My daughter comforts herself with baking sprees that leave the kitchen looking like it’s been hit by a tornado of flour and sugar. My son wanders the house blasting people with his bass trombone. The cats help me do yoga by attacking my yoga mat and my feet.

It is beautifully sunny. I cry.

I can feel the waves of grief and the different states: numbness, yearning, denial, bargaining, depression, cynicism, altruism, anger, empathy. Each comes and goes: I note, acknowledge and try to accept.

A particular challenge is the fact that the situation is always changing.

My main experience of grief is through my eye condition. You can read about it on my other blog, narrowing world, if you are interested. I have retinitis pigmentosa, a deterioration of the retina that will first give me tunnel vision and then make me blind. It’s always changing, and you have to keep adjusting. First you accept that you have the condition; then that you can no longer drive; then that you can’t read physical books anymore; then that you need to adjust how you present research papers, or use your computer. You have to keep adjusting and going through the process of grief again.

The COVID situation is also constantly changing. It’s hard to accept the situation when you don’t really know what it is or what it will be in two weeks time. First we thought maybe three weeks of lock down, then maybe three months, then maybe six months, then maybe a year, then maybe we will never be wholly free of it. And decisions are not straight scientific judgements, but also political. Should one lobby for change? Do we trust our government? All these questions affect our emotional responses.

In short, you may feel that you shouldn’t be sad right now, but your grief is valid. You may be aware that you are relatively lucky. That doesn’t mean you can’t also be sad. You may feel you are handling it well, and the next day feel you are handling it very badly. We are all different and all need to be kind to ourselves.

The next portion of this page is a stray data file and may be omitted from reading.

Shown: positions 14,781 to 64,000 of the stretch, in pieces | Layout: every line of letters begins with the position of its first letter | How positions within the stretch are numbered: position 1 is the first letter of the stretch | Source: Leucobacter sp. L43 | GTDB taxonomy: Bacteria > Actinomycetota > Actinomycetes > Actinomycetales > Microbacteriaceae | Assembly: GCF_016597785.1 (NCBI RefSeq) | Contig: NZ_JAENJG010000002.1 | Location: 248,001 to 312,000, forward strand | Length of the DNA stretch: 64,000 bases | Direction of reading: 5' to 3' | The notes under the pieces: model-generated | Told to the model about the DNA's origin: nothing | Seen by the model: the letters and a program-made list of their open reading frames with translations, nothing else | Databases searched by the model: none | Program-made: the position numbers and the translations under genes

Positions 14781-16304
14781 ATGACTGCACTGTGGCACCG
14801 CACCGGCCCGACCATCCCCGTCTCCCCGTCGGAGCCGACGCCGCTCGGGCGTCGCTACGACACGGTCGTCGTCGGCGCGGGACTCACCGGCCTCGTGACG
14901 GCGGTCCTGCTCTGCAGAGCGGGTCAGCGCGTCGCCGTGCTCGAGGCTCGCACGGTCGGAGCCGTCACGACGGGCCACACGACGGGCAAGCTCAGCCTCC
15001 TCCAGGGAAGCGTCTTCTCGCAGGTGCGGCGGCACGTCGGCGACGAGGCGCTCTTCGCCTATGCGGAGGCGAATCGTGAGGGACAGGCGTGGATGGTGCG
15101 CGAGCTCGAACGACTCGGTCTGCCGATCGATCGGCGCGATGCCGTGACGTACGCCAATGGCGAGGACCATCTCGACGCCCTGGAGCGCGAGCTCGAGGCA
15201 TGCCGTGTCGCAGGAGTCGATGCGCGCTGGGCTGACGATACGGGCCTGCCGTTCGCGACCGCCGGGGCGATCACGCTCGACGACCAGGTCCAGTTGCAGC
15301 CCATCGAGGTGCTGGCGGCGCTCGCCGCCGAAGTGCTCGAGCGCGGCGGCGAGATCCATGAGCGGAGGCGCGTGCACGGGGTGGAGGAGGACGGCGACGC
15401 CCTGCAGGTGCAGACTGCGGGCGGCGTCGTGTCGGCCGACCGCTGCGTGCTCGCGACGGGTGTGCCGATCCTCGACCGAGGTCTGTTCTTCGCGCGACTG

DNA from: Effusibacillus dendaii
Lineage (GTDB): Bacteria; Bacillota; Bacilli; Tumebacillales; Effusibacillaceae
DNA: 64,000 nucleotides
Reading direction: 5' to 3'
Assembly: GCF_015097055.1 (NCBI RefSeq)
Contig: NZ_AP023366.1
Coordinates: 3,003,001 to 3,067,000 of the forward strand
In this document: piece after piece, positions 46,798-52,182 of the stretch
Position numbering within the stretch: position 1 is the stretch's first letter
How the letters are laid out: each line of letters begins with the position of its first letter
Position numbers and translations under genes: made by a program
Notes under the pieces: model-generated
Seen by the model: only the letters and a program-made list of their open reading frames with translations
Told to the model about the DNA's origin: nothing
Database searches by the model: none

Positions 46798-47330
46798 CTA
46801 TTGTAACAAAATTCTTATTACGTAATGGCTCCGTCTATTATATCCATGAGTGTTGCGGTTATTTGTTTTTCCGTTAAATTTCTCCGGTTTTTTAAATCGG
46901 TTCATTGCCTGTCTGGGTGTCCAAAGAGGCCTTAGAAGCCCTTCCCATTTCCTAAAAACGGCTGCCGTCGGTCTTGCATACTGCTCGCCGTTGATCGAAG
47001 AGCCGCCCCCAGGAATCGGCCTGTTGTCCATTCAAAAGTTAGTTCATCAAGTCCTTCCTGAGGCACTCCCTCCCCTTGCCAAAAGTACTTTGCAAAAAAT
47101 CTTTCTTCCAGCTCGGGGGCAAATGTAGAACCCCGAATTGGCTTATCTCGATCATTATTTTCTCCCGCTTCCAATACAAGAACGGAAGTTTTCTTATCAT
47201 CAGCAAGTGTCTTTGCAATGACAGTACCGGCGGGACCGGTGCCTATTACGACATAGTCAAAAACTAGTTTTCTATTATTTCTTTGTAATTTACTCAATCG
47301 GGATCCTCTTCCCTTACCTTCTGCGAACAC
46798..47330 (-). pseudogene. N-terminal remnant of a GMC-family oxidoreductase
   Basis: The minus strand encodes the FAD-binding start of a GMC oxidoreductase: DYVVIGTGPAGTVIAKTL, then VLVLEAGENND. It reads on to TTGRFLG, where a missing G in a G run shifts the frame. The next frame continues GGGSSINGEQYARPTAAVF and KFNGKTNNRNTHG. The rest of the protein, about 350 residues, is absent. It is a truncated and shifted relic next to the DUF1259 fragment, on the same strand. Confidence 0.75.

How does COVID lock down relate to the central idea of the power of sadness, the idea that negative emotions can lead to positive change?

For many, the huge disruption in our lives has led to a heightened sense of our own mortality and a period of reflection about what is really important to us. It is frustrating not to be able to go to my office or to have band practice, but the real, deep problem is not being able to visit my parents and my sister and give them a hug.

We might be learning things from the lock-down and how we deal with it which we can apply to make life better in the new normal, whenever it is established. Increased confidence in recording video, for instance. Greater proactiveness in contacting old friends and meeting them virtually.

Some feel very angry about the narrative of productivity associated with the lock-down: none of us are going to write King Lear or invent the theory of evolution (especially while also cooking and shopping for a family, supporting distressed students, and looking after ill people). But it’s worth remembering that some people write in order to cope. Writing can be a displacement of emotion. Productiveness can be a sort of addiction to avoiding the realities of emotional life.

When you hit that spot between jittery anxiety that makes it impossible to focus on anything, the hazy euphoria of denial, when sitting in the sun is all you feel is necessary, and the sludge of misery, when you can’t remember how one word can go next to another, there can be a sort of restless energy and a clear-sighted sense of what could be different. That’s the power of sadness, for me.